No. 2333, 6th & 2nd Battalions, Royal Irish Rifles transferred to
No. 42467, 9th Battalion, Princess Victoria’s (Royal Irish Fusiliers)
Died of disease on Saturday 7 December 1918 (aged 29)
Tourcoing (Pont-Neuville) Communal Cemetery, France (Grave H. 6)
Donaghadee and District War Memorial
James Pollock was born on 1 July 1889 in the townland of Ballygrainey, Donaghadee and he was a son of James and Ellen Pollock (nee Beatty, sometimes Beattie) who were married on 5 December 1882 in Newtownards Registry Office. James Pollock from Ballyfotherley was a son of James Pollock, a labourer. Ellen Beatty from Cottown was a daughter of Charles Beatty, a labourer.
James Pollock worked as an agricultural labourer and he and Ellen had at least thirteen children:
Anna (born 22 December 1882 in Cottown)
Elizabeth Long (Eliza, born 8 April 1884 in Herdstown)
Christina (born 5 March 1886 in Ballycroghan)
Robert (born 13 February 1888 in Ballygrainey)
James (born 1 July 1889 in Ballygrainey)
Richard (born 22 February 1891 in Balloo)
William (born 22 March 1892 in Balloo)
Thomas (born 10 December 1893 in Cronstown)
Hugh (born 2 July 1895 in Cronstown)
Elizabeth Eleanor (Lizzie, born 4 January 1897 in Cronstown)
Charles (born 24 April 1898 in Cronstown)
Maggie Hamilton (born 8 June 1899 in Cronstown)
John Gordon (born 19 June 1901 in Drumhirk)
The seven eldest children were baptised in Shore Street Presbyterian Church Donaghadee and the six youngest in Greenwell Presbyterian Church Newtownards.
The Pollock family lived in the townlands of Cottown, Ballycroghan, Ballygrainey, Balloo, Cronstown, and Drumhirk.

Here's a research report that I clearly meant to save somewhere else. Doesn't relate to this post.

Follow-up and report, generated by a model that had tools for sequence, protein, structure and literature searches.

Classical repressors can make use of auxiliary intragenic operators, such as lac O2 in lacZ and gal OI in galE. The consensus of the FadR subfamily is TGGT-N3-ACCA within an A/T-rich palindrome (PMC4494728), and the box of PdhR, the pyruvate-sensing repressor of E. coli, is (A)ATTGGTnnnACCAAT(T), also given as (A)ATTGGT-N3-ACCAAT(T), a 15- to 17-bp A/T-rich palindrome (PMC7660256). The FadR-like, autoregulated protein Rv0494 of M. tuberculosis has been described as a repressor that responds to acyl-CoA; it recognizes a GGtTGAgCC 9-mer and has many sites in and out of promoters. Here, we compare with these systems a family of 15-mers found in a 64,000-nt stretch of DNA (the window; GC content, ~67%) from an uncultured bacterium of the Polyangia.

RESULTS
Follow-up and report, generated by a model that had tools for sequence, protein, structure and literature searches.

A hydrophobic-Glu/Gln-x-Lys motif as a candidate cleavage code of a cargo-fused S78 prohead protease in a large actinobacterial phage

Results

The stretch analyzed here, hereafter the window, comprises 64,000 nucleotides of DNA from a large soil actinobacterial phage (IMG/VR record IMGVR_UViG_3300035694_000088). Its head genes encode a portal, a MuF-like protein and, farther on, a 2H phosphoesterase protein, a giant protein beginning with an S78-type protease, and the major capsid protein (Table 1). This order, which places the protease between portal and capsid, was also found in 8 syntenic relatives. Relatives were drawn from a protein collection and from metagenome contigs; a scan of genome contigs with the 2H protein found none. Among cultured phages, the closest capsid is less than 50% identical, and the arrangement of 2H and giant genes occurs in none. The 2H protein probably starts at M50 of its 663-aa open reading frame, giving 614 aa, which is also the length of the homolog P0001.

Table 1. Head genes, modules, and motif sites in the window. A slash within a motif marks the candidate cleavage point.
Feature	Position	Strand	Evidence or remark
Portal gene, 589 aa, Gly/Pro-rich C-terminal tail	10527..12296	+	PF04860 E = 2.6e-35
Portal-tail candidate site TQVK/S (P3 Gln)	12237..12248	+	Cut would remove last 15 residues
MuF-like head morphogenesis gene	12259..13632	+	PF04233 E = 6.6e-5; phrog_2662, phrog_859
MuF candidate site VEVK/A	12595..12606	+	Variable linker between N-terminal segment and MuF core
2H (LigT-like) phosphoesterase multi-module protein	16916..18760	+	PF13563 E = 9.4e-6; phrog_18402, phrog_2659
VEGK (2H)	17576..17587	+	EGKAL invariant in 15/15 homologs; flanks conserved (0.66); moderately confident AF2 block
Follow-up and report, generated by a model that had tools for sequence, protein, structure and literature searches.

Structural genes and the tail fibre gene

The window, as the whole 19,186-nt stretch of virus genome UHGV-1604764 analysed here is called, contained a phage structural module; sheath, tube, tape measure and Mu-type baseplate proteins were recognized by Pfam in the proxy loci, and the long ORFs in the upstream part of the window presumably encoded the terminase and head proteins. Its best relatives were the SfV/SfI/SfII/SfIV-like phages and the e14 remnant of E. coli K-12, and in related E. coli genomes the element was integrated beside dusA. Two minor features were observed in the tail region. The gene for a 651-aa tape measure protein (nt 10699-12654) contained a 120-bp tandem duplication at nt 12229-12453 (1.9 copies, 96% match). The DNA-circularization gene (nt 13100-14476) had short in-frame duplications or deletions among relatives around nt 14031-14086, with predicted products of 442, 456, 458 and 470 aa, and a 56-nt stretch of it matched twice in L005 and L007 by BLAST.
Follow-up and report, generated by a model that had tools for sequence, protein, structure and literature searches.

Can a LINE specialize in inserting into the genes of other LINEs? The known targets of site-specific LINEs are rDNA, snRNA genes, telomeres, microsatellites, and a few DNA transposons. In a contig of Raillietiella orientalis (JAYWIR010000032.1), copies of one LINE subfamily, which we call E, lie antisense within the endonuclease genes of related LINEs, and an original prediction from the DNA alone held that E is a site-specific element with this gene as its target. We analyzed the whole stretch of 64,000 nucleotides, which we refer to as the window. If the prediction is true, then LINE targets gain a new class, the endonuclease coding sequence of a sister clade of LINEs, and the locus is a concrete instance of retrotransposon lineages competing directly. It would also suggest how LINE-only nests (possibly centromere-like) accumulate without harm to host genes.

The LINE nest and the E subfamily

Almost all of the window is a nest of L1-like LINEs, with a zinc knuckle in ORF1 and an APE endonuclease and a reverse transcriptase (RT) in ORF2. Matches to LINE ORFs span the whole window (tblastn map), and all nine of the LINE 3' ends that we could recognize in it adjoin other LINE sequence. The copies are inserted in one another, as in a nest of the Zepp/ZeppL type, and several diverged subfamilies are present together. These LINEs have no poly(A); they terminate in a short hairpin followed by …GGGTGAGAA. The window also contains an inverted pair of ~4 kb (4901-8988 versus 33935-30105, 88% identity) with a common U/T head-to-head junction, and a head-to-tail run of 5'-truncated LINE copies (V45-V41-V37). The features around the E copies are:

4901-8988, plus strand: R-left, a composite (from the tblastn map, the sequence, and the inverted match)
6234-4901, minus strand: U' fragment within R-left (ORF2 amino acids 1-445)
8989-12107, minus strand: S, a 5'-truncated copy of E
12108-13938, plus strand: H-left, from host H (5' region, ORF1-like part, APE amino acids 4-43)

James Pollock worked as an agricultural labourer before he enlisted on 2 December 1914. It was noted in his attestation papers that he was 5 feet 6½ inches tall with grey eyes and light brown hair He was posted to the 6th Battalion Royal Irish Rifles on 21 December 1914 and to the 4th Battalion on 11 March 1915. He was posted to the British Expeditionary Force on 14 December 1915.
He joined the 2nd Battalion on 3 January 1916 and was hospitalised in February 1916 because of ‘a sebaceous cyst’. He re-joined his unit and his family was informed later that he had been killed in action on 17 May 1916. It was in fact his brother, Rifleman Charles Pollock, who had been killed that day and when the mistake was realised James Pollock’s family received a written apology.
James Pollock suffered a gunshot wound to his left hand on 7 July 1916 and had to have his forefinger amputated. James was hospitalised in Lancashire before re-joining the 4th Battalion. He was transferred to the 2nd Battalion and on 14 June 1917 he suffered a gunshot wound to his right foot.
Reflecting this error in communication, the 10 June 1916 edition of the Newtownards Chronicle carried a report under the headline This Week’s Casualty Lists which stated that Rifleman J Pollock (No. 2333) from Donaghadee had been killed.
Then in the 28 July 1917 edition of the same paper it was reported under the headline Donaghadee Rifleman Wounded that Rifleman J Pollock (No. 2333) from Donaghadee ‘is officially reported wounded.’
Private James Pollock was hospitalised for a month after the injury to his right foot and a month after re-joining his unit he was gassed on 6 August 1917. He was posted to the Command Depot at Ballykinlar and then to the 4th Battalion. He spent a short period with the Machine Gun Corps. On 14 September 1918, he was transferred to the 9th Battalion Royal Irish Fusiliers (No. 42467) and he returned to the Western Front. On 25 November 1918 he was admitted to the 10th Stationary Hospital at Arneke. His family was advised that he was dangerously ill and at 8.35 am on 7 December 1918 Private James Pollock died of influenza ‘probably aggravated by exposure on military duty’.
Private James Pollock was 29 when he died and he was buried in Tourcoing (Pont-Neuville) Communal Cemetery in France.
Private James Pollock is commemorated on Donaghadee and District War Memorial.